Myra Yazbeck is currently an Associate Professor at the University of Ottawa. She received her PhD in Economics from Université Laval in 2011. In 2012, she completed a year of post-doctoral studies at McGill University, Department of Epidemiology Biostatistics and Occupational Health, where she developed a research agenda on health inequalities. Yazbeck's dissertation focuses on the impact of social networks on health outcomes. Her research interests are mainly in the field of health economics, social interactions/networks and inequality.
Amanda Agan is Assistant Professor of Economics and Affiliated Professor in the Program in Criminal Justice at Rutgers University. Her research uses both quasi-experimental and field experimental methods to answer policy-relevant questions in criminal justice and labor economics. She has published several papers related to inequality, discrimination, and crime in leading peer-reviewed economics journals, including the Quarterly Journal of Economics and the Review of Economics and Statistics.
Alex Imas’s research examines how people learn and make decisions over time. Most recently, he studied how incorrect beliefs both feed into and propagate discrimination. Using formal theory and empirics, he shows that the evolution of discrimination—whether it is mitigated or exacerbated—depends critically on the extent of bias in the evaluation process and people’s awareness of it.
Nayoung Rim is an Assistant Professor of Economics at the United States Naval Academy. Her research interests are racial and gender inequality in education and the labor market. Her research has examined how up-or-out promotion policies affect fertility timing decisions differently for men vs. women, the effectiveness of Title IX in reducing gender disparities in graduate education, and how in-group bias affects the internal dynamics of police departments. Her work has been supported by the AccessLex Institute, AIR, and the Russell Sage Foundation.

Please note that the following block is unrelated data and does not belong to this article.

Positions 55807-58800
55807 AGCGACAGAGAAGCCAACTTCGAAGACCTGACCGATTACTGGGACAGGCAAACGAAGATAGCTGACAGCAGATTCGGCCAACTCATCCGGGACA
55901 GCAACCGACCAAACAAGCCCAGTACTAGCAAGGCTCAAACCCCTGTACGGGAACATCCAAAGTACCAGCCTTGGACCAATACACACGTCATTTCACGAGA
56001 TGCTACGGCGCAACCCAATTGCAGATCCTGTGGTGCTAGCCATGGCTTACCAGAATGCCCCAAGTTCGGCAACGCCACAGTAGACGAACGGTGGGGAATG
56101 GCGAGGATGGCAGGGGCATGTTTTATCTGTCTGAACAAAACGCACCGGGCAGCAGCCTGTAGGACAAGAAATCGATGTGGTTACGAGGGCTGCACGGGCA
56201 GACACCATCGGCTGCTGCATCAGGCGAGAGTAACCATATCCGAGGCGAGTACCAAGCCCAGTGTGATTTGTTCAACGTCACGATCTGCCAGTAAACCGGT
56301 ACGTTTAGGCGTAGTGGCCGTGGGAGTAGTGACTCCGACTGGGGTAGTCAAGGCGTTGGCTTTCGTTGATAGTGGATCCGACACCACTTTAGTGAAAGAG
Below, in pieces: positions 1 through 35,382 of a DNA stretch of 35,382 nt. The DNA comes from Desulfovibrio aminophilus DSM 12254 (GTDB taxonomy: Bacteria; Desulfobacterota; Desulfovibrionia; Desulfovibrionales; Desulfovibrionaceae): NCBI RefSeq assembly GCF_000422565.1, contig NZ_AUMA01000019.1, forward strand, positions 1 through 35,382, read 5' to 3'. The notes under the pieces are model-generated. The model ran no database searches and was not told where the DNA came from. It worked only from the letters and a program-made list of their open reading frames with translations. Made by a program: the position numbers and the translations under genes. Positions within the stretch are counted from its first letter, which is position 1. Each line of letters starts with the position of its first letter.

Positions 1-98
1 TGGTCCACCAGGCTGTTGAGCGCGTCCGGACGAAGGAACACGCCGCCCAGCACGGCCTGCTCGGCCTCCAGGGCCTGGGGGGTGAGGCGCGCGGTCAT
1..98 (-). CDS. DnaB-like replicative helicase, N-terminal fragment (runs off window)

Jennifer Doleac is an Associate Professor of Economics at Texas A&M University, Director of the Justice Tech Lab, and host of the Probable Causation podcast. She serves on the board of editors at the Journal of Economic Literature, and on the board of CSWEP. Professor Doleac holds a Ph.D. in Economics from Stanford University, and a B.A. in Mathematics and Economics from Williams College. She studies the economics of crime and discrimination, with particular interests in prisoner reentry and the effects of technology on public safety.
Mariyana Zapryanova is an assistant professor in the Department of Economics at Smith College. Her research interests are in law and economics and economics of crime. She earned her Ph.D. in Economics from the University of Wisconsin-Madison in 2015.
Terry-Ann Craigie is an Associate Professor of Economics at Connecticut College. She is also the Economics Fellow at the Brennan Center for Justice at NYU School of Law. She received her M.A. and Ph.D. in economics from Michigan State University. Since then, she has done postdoctoral work at Princeton University and held visiting scholar positions at the Urban Institute and Brown University.
Sebastian Gallegos is a Research Economist at the Inter-American Development Bank (SPD) in Washington, DC. He is also a Research Fellow at the IDB Behavioral Economics Working Group. Sebastian's research uses economic models, field experiments and administrative records to study inequality, behavioral and human capital topics.
Dionissi Aliprantis is a Senior Research Economist at the Federal Reserve Bank of Cleveland. His research is focused on human capital formation, racial inequality, and neighborhood effects. He has written papers focused on identifying neighborhood effects, understanding how landlords and wealth influence neighborhood sorting, and studying the implications of dynamics for opportunity neighborhoods and the racial wealth gap. Aliprantis is interested in translating research into practice.
Heather Sarsons is an economist with research interests in labor, personnel, and behavioral economics. Much of her work focuses on understanding how norms, stereotypes, and biases influence labor market outcomes and inequality.